Pierce veterans remember 9/11

SVO President Chris Sorbello, Veteran Army Cpl. Poses for a photo in the Student Service Building. Photo: Tessa Miller
Student Veteran Organization President Christopher Sorbello, Veteran Army Cpl., poses for a photo in the Student Service Building. Photo: Tessa Miller
After the attacks of 9/11, a new generation of veterans was formed, with many of them now pursuing their education at Pierce College.
Christopher Sorbello and Kort Huettinger were some of the few brave men who, after serving their duty, came home to find that there were not enough resources available to help them adjust back into civilian life.
“The reason I came back to school was because there were no jobs when I got back in August 2007,” said Sorbello, who served six years in the army, including one tour of duty in Afghanistan, and two tours of duty in Iraq.
“When they [veterans] come back… the odds are stacked against them,” he said.  “The reason why we started the club is more of a helping hand to let them know they are not alone and that we’re there to support them in any way we can.”
After three years of pushing for a club that would help with the rehabilitation process of student veterans, Sorbello, with the aid of fellow veteran Huettinger, was able to establish their first official meeting in the fall of 2010.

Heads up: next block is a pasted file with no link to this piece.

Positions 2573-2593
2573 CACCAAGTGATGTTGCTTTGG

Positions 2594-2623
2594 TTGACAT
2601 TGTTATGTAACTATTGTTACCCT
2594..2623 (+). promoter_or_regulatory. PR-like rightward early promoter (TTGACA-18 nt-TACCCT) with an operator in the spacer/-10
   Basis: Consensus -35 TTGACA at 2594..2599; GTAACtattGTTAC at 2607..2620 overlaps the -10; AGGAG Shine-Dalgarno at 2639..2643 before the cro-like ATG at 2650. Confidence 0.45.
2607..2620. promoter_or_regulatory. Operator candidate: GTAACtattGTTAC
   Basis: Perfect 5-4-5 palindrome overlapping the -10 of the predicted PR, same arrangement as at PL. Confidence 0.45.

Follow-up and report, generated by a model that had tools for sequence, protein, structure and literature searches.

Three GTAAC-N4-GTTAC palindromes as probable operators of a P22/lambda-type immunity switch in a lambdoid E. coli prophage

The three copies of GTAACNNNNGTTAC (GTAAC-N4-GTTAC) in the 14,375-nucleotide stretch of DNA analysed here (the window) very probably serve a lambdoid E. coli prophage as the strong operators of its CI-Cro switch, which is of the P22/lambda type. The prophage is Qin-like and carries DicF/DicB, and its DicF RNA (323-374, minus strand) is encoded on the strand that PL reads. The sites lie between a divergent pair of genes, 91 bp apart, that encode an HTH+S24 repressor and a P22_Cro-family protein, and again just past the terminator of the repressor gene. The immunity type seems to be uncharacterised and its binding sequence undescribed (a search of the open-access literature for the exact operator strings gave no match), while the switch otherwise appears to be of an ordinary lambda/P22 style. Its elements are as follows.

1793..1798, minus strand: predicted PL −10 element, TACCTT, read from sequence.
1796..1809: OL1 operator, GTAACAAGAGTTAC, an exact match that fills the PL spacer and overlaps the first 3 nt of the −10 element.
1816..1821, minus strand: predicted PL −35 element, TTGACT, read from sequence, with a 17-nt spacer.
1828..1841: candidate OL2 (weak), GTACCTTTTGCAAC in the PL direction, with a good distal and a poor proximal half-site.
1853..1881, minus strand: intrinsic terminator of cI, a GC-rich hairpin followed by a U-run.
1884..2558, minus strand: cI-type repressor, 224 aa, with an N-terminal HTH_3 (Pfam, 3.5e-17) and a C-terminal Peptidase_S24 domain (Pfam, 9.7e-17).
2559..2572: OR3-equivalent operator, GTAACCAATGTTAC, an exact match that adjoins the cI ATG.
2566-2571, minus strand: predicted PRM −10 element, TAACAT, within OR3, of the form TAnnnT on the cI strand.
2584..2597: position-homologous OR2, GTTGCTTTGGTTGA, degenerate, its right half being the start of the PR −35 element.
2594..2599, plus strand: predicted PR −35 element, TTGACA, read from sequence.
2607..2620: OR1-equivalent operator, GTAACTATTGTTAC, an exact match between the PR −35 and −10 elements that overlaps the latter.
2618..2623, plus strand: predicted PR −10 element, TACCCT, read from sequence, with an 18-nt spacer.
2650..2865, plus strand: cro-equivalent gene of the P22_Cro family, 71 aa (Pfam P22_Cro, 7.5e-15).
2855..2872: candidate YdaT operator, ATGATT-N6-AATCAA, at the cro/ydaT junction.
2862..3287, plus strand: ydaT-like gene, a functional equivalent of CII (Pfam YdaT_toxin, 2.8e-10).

Although the club was established three semesters ago, they still face hurdles ahead, including the equal treatment and resources that are provided to other clubs on campus and a need for an official place to meet.
“I think it’s important to get a place to meet like many other student groups… For now we’re just having to reserve a room here and there,” said Patrick Salazar, club advisor and founder of the Veteran Association of the University of Utah.
Aside from providing educational, financial, counseling and other forms of support, the club’s mission is to bring awareness of how important it is to provide proper treatment of veterans. Their hope is to prevent future veterans from ending up forgotten or on the streets like many
veterans of the Vietnam War and other previous wars.
“Say ‘thank you,’ there’s not enough of that,” said Huettinger, who was docked in San Francisco while serving in the Coast Guard during the time of the attacks. “Some people, for whatever reason think that veterans don’t deserve anything extra and there are people that don’t care.”
This semester, the club hopes to start a petition that students can sign in order for them to receive the benefits they feel they deserve. They encourage all students, no matter what their political standings are, to support their mission for proper treatment.
“It’s an honor to work with these guys [Sorbello and Huettinger],” said Salazar. “ They could have just stayed home and gotten their own degree. Their service to these students is just remarkable and that’s why I’m proud to know these guys.”

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